Budget 2017: Chancellor tries Dixon of Dock Green act but it can't last

Brexit, the biggest risk facing the UK economy, barely merited a mention as Philip Hammond sought to reassure that all is well. Trouble is that act of self-immolation is coming

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It was the lion that didn’t roar. It barely even growled. Brexit, the biggest political issue facing this country, and by far the biggest risk to the continued health of its economy, was felt by the Chancellor Philip Hammond to merit only a brief mention at the beginning of his statement. 

So let’s bring it into the discussion.

Mr Hammond, as Chancellors are wont to do, was at pains to stress the relative economic health the UK currently enjoys. 

It has been outpacing most of its main rivals (with the notable exception of Germany) and the Office for Budgetary Responsibility has upped its growth forecast for this year (but lowered them for subsequent years). 

The point about that is, of course, that the UK remains a member of the European Union. Article 50 has yet to be invoked, and won’t be until the Government has managed to get its Brexit bill through the House of Lords. 

Now let’s say you buy into the notion that the UK is set fair. And let’s say you accept the relatively rosy view taken by the Office for Budgetary Responsibility when it comes to the next couple of years. 

The country has already put that at risk by taking an entirely unnecessary step. It is proposing to compound that by taking the most destructive path when it comes to leaving the EU, including leaving the single market.

Ministers appear to believe that the EU will allow us to have our cake and eat it if they shake their fists and issue lots of threats. Their approach is highly unlikely to prove effective. 

No wonder the Chancellor has talked about setting money aside to deal with the potential disruption that will come even if the UK manages to somehow obtain a relatively favourable outcome from the Brexit negotiations. 

It is because of the need to do that that he has raised taxes to deal with issues such as the dire need to inject funds into the creaking social care system, the problems of which have slopped over into the NHS creating a situation for which the overused adjective “crisis” is for once justified (the £2bn over three years extra funding that has been announced won’t be enough by the way).

He has also promised help to those businesses hit hardest by the revaluation exercise that will sharply increase what some pay in business rates. 

The tax increases include going back on a pledge in the Tory manifesto and raising national insurance on people in self employment, to 10 per cent next year and and 11 per cent in 2019, with the excuse being that their pension entitlements have been equalised with those in employment. 

But these people don't get sick pay and they don't get holiday pay. Moreover, it’s a kick where the sun doesn’t shine to all those in the gig economy, the self-employed workers for companies that treat them as employees without any of the benefits, and pay them little.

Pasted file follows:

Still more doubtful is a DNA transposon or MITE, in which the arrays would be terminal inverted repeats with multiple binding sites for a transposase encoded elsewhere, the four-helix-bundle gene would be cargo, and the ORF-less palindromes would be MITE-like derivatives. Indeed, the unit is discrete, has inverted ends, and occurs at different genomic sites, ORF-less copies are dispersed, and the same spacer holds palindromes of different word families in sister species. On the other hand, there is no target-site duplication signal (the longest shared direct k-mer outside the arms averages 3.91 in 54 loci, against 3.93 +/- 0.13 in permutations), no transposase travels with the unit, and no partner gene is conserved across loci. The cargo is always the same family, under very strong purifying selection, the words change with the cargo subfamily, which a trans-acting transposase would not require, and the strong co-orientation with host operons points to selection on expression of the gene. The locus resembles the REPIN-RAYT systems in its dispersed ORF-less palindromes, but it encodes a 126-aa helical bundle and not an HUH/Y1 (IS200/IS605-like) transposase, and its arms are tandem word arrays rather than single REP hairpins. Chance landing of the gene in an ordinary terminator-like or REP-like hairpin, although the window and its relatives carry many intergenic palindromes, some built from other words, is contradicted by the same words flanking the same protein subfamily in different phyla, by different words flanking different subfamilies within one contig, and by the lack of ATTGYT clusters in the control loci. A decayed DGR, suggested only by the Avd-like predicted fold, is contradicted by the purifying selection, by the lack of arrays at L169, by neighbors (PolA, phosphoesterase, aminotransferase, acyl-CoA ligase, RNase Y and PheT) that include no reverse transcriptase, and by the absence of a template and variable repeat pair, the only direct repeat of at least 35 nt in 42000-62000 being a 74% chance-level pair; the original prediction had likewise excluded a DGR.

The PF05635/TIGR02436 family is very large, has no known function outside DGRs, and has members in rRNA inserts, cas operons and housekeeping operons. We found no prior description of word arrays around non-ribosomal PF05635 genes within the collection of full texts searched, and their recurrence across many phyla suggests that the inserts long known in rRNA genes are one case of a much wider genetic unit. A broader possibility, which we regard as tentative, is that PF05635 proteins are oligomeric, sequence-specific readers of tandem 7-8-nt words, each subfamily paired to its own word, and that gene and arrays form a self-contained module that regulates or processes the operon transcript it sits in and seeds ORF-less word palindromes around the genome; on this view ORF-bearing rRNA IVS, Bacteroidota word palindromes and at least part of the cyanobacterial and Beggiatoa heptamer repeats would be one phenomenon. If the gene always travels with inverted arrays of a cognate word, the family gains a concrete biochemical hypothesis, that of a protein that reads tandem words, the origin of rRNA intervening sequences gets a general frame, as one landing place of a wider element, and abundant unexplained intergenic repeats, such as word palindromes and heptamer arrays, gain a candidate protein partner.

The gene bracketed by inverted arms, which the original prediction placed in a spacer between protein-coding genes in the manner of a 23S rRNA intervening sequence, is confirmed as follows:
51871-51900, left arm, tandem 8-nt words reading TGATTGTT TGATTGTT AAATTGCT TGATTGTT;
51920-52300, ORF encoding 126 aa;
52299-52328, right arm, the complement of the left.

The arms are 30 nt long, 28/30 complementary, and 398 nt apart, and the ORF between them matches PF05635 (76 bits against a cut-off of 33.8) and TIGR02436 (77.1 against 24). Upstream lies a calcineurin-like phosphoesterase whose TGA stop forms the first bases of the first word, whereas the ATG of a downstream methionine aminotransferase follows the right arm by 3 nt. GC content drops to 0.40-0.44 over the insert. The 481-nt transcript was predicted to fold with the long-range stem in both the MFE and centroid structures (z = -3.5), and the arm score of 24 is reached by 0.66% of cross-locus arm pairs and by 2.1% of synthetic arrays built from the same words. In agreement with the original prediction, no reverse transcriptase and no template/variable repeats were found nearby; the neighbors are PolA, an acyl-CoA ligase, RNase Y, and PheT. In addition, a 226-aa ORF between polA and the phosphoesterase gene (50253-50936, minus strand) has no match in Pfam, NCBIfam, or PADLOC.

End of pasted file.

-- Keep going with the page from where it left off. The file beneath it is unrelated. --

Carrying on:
Bad enough to be exploited by those companies. Worse still when the Government kicks you in the teeth.

More justifiable is the reduction in the tax-free dividend allowance for those who work via personal service companies. 

However, even while the new spending announced has in theory been funded by these measures and others (we’ll know how well funded when the Institute for Fiscal Studies gives its verdict tomorrow) the Chancellor is still borrowing a lot. 

Mr Hammond’s predecessor, George Osborne, pledged to eliminate the budget deficit by the end of the last Parliament. Mr Hammond is proposing to borrow into the next once. So it's hard to see where he will find the money to set aside if things get really nasty, as they probably will. 

The rest of the Chancellor’s statement was sparse, and well trailed. Budget secrecy seems to have been all but abandoned. 

Business was happy with the emphasis on skills, and the new T-levels designed to help address the country's yawning skills gap. They'd better be effective, because Mr Hammond’s boss Theresa May has chosen to exacerbate pressure points in the labour market by cracking down on necessary immigration. 

Businesses also looked kindly upon commitments to improving digital connectivity, easier R&D tax credits, and a one-year delay to digital tax reporting for the very smallest firms. These measures partly offset some of the grousing about the dividend tax hike. But only partly.

There weren't many of the rabbits chancellors pull out of their hats to keep people interested while they speak, although a notable one was the gimmicky extra business rate help for pubs, which ought to keep Brexit big mouth Tim "Wetherspoons" Martin happy. 

Mr Hammond, who looks like an old school bank manager, and speaks like one, really needed a bit more than that to give his statement a bit of life. 

But perhaps that was the point. Perhaps the aim was to lull us all into thinking everything is ok, with the fiercest debates provoked by the aforementioned tax hikes. 

Actually Mr Hammond is not so much trying to be a bank manager as he is a latter day Dixon of Dock Green, an old school bobby who has left his panda car in the station having survived the austerity created job cuts. Move along now, nothing much to see here. But mind how you go. 

That act can’t last. Future budgets may be conducted in a more febrile atmosphere, and against a more difficult backdrop, with all those relatively rosy forecasts coming under pressure and even Mr Hammond’s friends in the business community screaming blue murder and calling for the Sweeney to sort out the mess.

Brexit will be roaring soon and because of it, Mr Hammond isn’t going to be able to get away with steady-as-we-go act for very much longer. 

 

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